The “What I Know Now” column is in partnership with Chrisina Vuleta, the founder of the excellent website 40:20Vision.com, where forty somethings share all things “they wish they’d known then” with 20-somethings. The following is a co-post appearing on both sites. May we all grow happily older AND wiser.
Hello, girls, gals, ladies, and friends:
I write this on the heels of my 31st birthday, squarely in the middle of my 20′s and my 40′s. From this vantage, I’m old enough to have fallen on my face, but I’m young enough that adult stability still feels new. At 31, I’ve learned what it takes to be who I want to be. I’ve also learned that nothing is constant or final no matter how old you get, how much money you make, or how wonderful the man is who loves you.
Alison Is 22
In 2004, right after college, I packed my car and hightailed it out of the Carolinas to start my life. On July 14th, I arrived in New York City with $3500, blonde highlights, monogrammed towels, and a series of pastel cabled Polo sweaters (care of my Southern mother). Halfheartedly, I used my creative degree to get a job in advertising.
Within six months, I’d hit a wall. I was working long hours and hating my job with an (almost) irrational intensity; I was hooking up with a total douche; and I was at odds with my roommates. Even better, I was dealing with it all by charging a new wardrobe. (To be fair, I had learned quickly that I really hated baby-blue cable knit sweaters.)
In college, where your parents pay for stuff, casual hook-ups were a sign of independence, and everyone is basically drunk all the time, no one knows who they are. But in my newly beloved, competitive hometown of Zoo York, I learned fast: it was all on me. So I acted. And inspired by the vibrant life around me, I decided to live by this mantra.
“The only thing New York asks of you is to be the very best version of yourself.”
In simpler terms, I quit my job, moved to cheaper Brooklyn and found a therapist.
The rest of my 20′s proved to be a wild explosion of late-night parties, a killer restaurant scene and self-growth. It didn’t happen overnight. But eventually, I got a better job, one that was a combination of my experience and what I loved to do, and then other, even better ones. I dated some amazing, smart men. I made wonderful friends. I learned how to manage my money. I also got really good at yoga, traveled, and threw kick-ass dinner parties.
While things started rocky and poor (and even stayed a little bit rocky and poor), overall I can say honestly my 20′s were great. Sure, I got hurt and dealt with some crap sometimes too…I got dumped, worked for assholes, and even lived in an illegal but so, so cheap apartment without a kitchen for four years. But at the end of it, I came out confident, happy and strong.
Alison Is 31
Today, I live in LA. I moved here in January because I met the guy I want to marry. For a year, he had been writing me letters across the country. (Dreamboat alert!) And all of a sudden, things are stable. I’m no longer on my own. I like my work and together we have “enough” money. Add to that, I know myself and trust my decisions in life and love.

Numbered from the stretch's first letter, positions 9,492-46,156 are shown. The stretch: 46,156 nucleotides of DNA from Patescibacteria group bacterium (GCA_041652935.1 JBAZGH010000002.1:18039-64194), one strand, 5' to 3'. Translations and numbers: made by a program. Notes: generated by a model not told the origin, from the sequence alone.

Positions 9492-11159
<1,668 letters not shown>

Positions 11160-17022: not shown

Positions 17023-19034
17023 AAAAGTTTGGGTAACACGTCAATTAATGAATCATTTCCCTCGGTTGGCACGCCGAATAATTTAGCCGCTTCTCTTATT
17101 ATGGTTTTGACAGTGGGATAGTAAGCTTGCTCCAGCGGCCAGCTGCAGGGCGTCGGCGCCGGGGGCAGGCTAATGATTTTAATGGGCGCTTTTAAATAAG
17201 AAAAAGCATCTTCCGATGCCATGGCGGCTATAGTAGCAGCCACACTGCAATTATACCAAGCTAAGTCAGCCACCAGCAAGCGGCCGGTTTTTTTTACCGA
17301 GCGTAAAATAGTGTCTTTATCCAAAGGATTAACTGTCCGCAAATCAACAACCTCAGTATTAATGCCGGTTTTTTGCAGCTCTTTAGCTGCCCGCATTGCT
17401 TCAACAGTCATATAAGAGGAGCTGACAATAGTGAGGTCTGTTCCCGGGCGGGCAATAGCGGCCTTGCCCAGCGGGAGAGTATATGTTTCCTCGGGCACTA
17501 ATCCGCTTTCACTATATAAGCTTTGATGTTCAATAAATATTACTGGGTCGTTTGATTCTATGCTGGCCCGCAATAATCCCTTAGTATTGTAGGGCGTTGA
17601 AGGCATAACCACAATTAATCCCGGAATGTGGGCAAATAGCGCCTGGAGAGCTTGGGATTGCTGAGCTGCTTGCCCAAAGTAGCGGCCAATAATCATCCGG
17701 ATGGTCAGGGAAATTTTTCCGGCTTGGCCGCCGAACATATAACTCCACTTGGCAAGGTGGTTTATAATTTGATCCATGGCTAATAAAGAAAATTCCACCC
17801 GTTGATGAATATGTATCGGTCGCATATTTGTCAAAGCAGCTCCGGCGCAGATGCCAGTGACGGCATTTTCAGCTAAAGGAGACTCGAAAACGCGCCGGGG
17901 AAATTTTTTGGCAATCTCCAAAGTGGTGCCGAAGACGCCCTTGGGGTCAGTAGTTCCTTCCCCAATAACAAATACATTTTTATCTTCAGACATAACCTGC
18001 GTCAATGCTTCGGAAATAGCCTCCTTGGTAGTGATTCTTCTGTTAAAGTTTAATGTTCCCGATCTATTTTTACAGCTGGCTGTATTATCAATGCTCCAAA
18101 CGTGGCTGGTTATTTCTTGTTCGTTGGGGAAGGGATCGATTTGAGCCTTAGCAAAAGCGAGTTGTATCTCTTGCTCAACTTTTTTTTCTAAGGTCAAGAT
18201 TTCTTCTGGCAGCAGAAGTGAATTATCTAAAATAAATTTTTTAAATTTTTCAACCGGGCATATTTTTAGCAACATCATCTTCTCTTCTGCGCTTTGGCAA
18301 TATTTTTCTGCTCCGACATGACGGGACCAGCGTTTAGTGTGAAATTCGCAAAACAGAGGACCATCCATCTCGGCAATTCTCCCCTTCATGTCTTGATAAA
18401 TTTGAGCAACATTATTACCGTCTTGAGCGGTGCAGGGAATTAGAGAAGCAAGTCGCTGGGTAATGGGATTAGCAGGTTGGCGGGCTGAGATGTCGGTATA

Except, before, in those occasional dark moments when I was living hand-to-mouth in a state of cold New York loneliness, I would fantasize about the day when it would all be okay. Except, while my life is as close to okay as I’ve ever known, it’s still not totally okay. Therein lies the rub: Life is never okay. Because while living gets easier, life never stops. It will never stop throwing you curve balls; you’re not dead yet.
In the almost-year I’ve been “living the dream” in LA, the following things occurred: a massive computer crash, the surprise financing of major dental work, and major car wreck (no one hurt, not our fault, but still). I’ve also had to learn to live day-to-day with a partner I’d only been in a long distance relationship with. The good news is that as far as coping, I’ve got it in the bag. The bad news is that learning how to deal with the curve balls doesn’t make them go away.
So I’m in love. I’m happy. We have a sunny, yellow kitchen with a dishwasher and original vintage fixtures that I totally dig. (Live without a kitchen for four years and then see how elated YOU are.) Yet, the same questions remain. Who am I and what do I want, next? And, I’m grateful that, for the time being, I can answer that. Because if you stop challenging yourself with those questions and deciding on its answer, you’ve given up. So, I know that despite my perfect kitchen, as long as I’m trying to live my best version of my bad-ass life, I’ll be reassessing and taking risks.
My name is Alison, I straddle the middle between 20 and 40. That is what I’ve done and this is what I say.
Twenty-Somethings, Use your youth wisely. Decide what you want. Work for it. Build a foundation. Dreams don’t happen tomorrow and life is long. Also, enjoy it. You look great in shorts and you have no major responsibilities. Make out.
Forty-Somethings, It’s never over. Own that things still can and will change. Live like you’re twenty and do what you haven’t done yet. Take a risk. Trip and fall. Get back up. Stay out late. Make out.
P.S. My answer on how to fall in love? Own yourself.
Alison Steedman is the editor at Dating & Hookup. She lives in Los Angeles with her boyfriend and their histrionic cat, Charles Dickens, where she still carries on a nostalgic and long-distance love affair with her 20's in Brooklyn, NY. You can follow her on Twitter and Instagram @yosteedman, and you can also send her your writing at [email protected], both of which make her very happy.
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